Different manufacturers such as Cisco, Aruba or Ruckus produce different Access Points, which offer different characteristics. These include antenna patterns (depending on the gain), weight, mounting, and polarization. Older models usually provide less throughput and interference mitigation. We will also need to know what switches and firewalls are in use.
What issues or symptoms are you currently experiencing with your WiFi?
For a fault-finding or health check WiFi survey, we’ll need to know what symptoms or issues are being seen onsite. Are there issues with VOIP, video or a certain application? Is it throughout the premises or one area in particular? Or are issues seen at a certain time of day?
Importing your building plans
We’ll import your building plans, set scale, and define the building materials For this stage, we’ll need high-quality digital building plans. Our survey software uses these to show how the WiFi signal travels through the building. We’ll need plans that are to scale, and ideally define distance.
CAD drawings are preferred (but not essential), as our software uses the layers to set the different floor and wall materials, and gives the attenuation properties of each. We also support the use of PDF, BMP, JPG, JPEG, PNG, GIF and SVG files. If you don’t have building plans – don’t worry. When CAD files can’t be supplied, we’ll define these properties manually.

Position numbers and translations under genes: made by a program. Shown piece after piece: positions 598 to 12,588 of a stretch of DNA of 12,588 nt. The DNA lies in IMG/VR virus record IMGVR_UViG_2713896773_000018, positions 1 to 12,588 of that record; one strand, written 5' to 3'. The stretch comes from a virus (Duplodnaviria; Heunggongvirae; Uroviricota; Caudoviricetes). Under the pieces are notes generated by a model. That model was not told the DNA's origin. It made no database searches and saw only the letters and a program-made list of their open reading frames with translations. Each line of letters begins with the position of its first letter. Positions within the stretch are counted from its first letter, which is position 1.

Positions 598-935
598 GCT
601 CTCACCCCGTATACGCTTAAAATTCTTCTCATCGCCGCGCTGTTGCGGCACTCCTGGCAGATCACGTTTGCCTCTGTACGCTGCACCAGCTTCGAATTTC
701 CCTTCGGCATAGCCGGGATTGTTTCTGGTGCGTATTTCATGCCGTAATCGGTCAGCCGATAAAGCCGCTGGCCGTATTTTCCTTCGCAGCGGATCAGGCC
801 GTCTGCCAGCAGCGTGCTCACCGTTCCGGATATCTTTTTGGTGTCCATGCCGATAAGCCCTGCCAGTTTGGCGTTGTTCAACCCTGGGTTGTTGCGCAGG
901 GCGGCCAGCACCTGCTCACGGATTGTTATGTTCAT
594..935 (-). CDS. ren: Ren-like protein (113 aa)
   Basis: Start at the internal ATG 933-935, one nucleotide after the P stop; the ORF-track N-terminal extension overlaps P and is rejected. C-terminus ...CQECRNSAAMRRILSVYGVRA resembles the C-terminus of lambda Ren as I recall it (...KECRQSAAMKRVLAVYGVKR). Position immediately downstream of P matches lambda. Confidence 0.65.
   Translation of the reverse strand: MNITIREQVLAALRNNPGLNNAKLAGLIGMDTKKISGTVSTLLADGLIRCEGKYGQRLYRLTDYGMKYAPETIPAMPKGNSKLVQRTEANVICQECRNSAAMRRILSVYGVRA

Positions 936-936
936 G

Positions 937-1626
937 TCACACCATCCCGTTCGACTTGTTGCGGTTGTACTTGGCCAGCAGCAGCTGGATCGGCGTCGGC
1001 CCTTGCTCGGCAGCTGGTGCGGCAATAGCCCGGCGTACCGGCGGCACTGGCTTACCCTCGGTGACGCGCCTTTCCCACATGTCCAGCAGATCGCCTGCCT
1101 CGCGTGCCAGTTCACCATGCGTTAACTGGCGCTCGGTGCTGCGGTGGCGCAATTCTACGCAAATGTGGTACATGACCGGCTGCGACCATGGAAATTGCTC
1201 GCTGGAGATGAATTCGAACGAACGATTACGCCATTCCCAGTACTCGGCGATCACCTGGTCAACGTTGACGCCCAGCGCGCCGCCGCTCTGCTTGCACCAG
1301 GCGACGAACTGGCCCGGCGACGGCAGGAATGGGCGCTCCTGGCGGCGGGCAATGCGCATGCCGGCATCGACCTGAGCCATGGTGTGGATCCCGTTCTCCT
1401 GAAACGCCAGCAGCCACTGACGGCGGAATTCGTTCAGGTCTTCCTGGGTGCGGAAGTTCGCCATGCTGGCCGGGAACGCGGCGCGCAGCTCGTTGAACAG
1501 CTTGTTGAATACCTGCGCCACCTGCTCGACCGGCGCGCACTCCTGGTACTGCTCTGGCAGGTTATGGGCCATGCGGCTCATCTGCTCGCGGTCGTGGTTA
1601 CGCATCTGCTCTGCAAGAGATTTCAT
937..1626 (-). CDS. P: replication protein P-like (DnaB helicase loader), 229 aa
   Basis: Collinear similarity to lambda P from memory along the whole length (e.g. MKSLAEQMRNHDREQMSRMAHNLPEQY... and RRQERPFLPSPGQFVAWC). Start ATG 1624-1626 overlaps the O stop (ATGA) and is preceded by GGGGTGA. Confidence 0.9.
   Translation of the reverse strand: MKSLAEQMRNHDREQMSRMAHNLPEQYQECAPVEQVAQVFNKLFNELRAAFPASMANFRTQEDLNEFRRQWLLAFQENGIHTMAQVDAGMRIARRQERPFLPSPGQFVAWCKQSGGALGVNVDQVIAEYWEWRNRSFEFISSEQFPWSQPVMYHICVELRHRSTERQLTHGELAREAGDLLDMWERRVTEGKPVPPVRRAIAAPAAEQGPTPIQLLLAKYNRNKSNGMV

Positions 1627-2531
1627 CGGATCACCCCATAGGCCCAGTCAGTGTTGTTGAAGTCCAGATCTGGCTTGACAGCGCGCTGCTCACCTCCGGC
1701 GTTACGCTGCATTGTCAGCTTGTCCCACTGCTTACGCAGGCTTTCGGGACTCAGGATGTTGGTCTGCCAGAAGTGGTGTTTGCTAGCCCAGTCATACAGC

Getting on site
An onsite pre-deployment survey can be done in conjunction with a predictive survey, or purely as a standalone. If used in conjunction with the predictive wireless site survey, then this can serve as verification of the network design.
Once onsite, our engineer will set up the wireless survey kit in accordance with your building type, regardless of your environment or how many floors your business is spread across.
The location of your comms cabinet and the equipment therein (such as switches, firewalls and the Internet router) will be documented, and we’ll confirm the type of cabling if possible (CAT5/5e/6/6a). We’ll also – if possible – document the physical location of your wireless Access Points in use. During this walk of the building, our engineer will also be checking out any potential problem areas or safety issues.
Our engineer will walk the building using the spectrum analysis tool, recording data as they go. This stage will show any possible sources of interference from WiFi or non-WiFi devices.
Site set up